To apply for a fee waiver, you need to apply online here.  You can read the Home Office’s policy on fee waivers here.

Health surcharge

You will need to pay the health surcharge as well as the application fee, unless you fall into one of the exempt categories or can prove you are destitute and entitled to a fee waiver. Read more about that here.


  • As you will see if you look at the fee waiver form, it is a long form to fill out! Friends/supporter may be able to help with this, and with gathering the essential evidence to help your application be successful.
  • If a fee waiver is not granted, your supporters/community could help raise the money for the application/health surcharge.
  • After reading this page, and the page on Rights of the child if relevant to your case, think about the evidence you need to gather. Friends, supporters, your community can help gather this evidence and may even provide evidence in the form of statements/supporting letters.

Article 8 and appeals

If you apply for leave to remain (perhaps on human rights grounds, perhaps initially on asylum grounds) and you have the right to appeal, you may wish to raise Article 8 issues during your appeal, if they apply to you.

Colin Yeo, the top immigration barrister who edits the Free Movement blog, has some helpful advice about Article 8 appeals. The advice makes reference to young men, as it is from a blog post about young Afghan boys and men, but much of the advice is useful for all Article 8 appeals:

“In all cases based on Article 8, evidence of social, cultural, educational and other connections to the UK will be critical. Such evidence requires witnesses; current and former foster carers, friends from school, teachers, social workers, counsellors and anyone else who can vouch for the young man should be approached. Many young men are reluctant to do this because they do not like to ask favours, they are proud and they do not want to appear needy or vulnerable. This tendency must be resisted and overcome.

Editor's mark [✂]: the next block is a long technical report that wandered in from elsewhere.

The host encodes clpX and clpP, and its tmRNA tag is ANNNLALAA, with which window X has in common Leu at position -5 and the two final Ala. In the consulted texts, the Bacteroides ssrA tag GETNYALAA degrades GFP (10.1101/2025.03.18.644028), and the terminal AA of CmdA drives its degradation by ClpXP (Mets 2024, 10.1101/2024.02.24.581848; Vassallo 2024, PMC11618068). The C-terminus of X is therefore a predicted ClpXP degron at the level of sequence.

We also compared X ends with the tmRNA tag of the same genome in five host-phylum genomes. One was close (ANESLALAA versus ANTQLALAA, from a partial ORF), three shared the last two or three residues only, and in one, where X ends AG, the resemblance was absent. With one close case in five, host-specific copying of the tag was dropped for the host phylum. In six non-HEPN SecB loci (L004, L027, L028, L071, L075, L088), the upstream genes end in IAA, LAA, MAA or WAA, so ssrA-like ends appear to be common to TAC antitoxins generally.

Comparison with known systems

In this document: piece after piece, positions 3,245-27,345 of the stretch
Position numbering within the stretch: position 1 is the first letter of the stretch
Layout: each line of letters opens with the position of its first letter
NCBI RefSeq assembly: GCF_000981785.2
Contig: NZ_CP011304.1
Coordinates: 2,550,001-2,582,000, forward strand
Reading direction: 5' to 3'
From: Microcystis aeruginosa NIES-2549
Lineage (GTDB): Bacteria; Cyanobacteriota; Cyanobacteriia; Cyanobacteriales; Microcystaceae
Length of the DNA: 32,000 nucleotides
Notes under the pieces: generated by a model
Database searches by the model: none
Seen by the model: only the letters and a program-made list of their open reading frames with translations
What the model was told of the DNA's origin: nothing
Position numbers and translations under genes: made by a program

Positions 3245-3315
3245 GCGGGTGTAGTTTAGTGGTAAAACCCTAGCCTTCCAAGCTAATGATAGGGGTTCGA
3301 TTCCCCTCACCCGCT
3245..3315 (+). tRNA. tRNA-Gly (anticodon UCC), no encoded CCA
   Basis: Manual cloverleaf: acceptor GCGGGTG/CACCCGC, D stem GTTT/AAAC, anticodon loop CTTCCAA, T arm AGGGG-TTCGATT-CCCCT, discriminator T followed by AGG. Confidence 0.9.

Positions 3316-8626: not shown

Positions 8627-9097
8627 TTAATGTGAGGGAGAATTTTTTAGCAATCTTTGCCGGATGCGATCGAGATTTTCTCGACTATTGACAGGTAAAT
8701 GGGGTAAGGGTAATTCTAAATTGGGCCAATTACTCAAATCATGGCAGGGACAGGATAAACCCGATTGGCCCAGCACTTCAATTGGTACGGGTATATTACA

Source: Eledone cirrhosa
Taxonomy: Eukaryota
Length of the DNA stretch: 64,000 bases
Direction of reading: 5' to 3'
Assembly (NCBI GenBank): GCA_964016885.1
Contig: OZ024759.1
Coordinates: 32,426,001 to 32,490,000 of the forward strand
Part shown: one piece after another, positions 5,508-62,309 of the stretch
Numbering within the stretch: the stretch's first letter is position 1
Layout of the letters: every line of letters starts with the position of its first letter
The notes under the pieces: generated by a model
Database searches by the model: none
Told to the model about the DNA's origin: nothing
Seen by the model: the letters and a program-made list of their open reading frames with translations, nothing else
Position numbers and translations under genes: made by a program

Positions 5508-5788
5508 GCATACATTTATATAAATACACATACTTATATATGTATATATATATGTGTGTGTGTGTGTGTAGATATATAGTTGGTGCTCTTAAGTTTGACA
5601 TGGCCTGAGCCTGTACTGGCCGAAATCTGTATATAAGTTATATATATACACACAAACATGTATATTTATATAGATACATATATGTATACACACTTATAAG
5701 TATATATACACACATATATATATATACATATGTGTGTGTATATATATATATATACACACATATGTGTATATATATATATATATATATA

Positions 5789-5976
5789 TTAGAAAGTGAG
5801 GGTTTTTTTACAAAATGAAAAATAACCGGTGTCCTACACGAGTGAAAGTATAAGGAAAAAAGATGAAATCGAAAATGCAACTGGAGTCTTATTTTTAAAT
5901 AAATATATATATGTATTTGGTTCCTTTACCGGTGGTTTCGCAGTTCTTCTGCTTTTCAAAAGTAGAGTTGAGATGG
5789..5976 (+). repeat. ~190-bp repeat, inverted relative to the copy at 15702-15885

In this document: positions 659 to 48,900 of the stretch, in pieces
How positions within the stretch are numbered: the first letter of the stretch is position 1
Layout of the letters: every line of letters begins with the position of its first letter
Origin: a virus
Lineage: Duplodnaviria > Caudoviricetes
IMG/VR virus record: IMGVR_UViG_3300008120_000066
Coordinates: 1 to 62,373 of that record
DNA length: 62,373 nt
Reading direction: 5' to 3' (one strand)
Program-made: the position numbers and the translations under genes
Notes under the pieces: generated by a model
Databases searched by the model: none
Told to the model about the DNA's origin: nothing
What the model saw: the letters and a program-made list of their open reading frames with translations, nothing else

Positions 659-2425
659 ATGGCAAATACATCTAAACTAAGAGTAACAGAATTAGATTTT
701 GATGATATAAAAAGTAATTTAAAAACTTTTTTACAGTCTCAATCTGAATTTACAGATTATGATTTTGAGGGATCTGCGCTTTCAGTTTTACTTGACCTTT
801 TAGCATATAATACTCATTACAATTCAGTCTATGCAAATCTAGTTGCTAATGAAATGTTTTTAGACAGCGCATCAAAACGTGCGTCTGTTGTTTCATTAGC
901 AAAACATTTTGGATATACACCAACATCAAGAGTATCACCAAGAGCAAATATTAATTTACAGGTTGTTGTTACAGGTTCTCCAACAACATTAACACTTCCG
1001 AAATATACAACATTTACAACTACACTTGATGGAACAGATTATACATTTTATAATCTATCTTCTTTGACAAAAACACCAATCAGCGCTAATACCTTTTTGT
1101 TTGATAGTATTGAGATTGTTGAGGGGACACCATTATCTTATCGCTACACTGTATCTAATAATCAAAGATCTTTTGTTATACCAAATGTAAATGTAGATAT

It is best if the witnesses can attend court. The more the merrier. More than 10 or 12 is probably excessive but it is helpful to convey in the strongest way possible that the young man is genuinely well regarded and integrated, to the point that many different people are willing to go out of their way and come to court to support him. Judges tend to be self important (it is virtually part of the job description) and attending court is the best, perhaps only, way anyone can show their respect to a judge. Written statements by those “unwilling” to attend in person are bound to be given less weight.

With considerable social and community support for a particular Appellant, perhaps combined with his having done very well at school or college (I have had the privilege to represent young Afghans who have qualified for university), there is a possibility that an appeal might succeed. Without that visible support, though, an appeal on private life human rights grounds is basically doomed to fail.”

Leave to remain based on Article 8

If you are successful in an application based on Article 8 where your situation falls under the immigration rules, you will receive leave to remain for 30 months. This is renewable, and you will be able to apply for Indefinite Leave to Remain (ILR) after a certain number of these 30 months periods – see Family Migration section for more information, as this depends on whether you are entering the five or ten year route to settled status.

If your application is based on Article 8 outside of the rules, and you are successful, you will receive leave to remain outside of the rules. This will usually be for 30 months, which you can apply to renew.

The Home Office may apply a “no recourse to public funds” restriction on your leave to remain, meaning you cannot access welfare benefits and housing support. If you are destitute or there are compelling reasons relating to the welfare of a child why this should not be applied to you, you need to tell the Home Office this and provide evidence.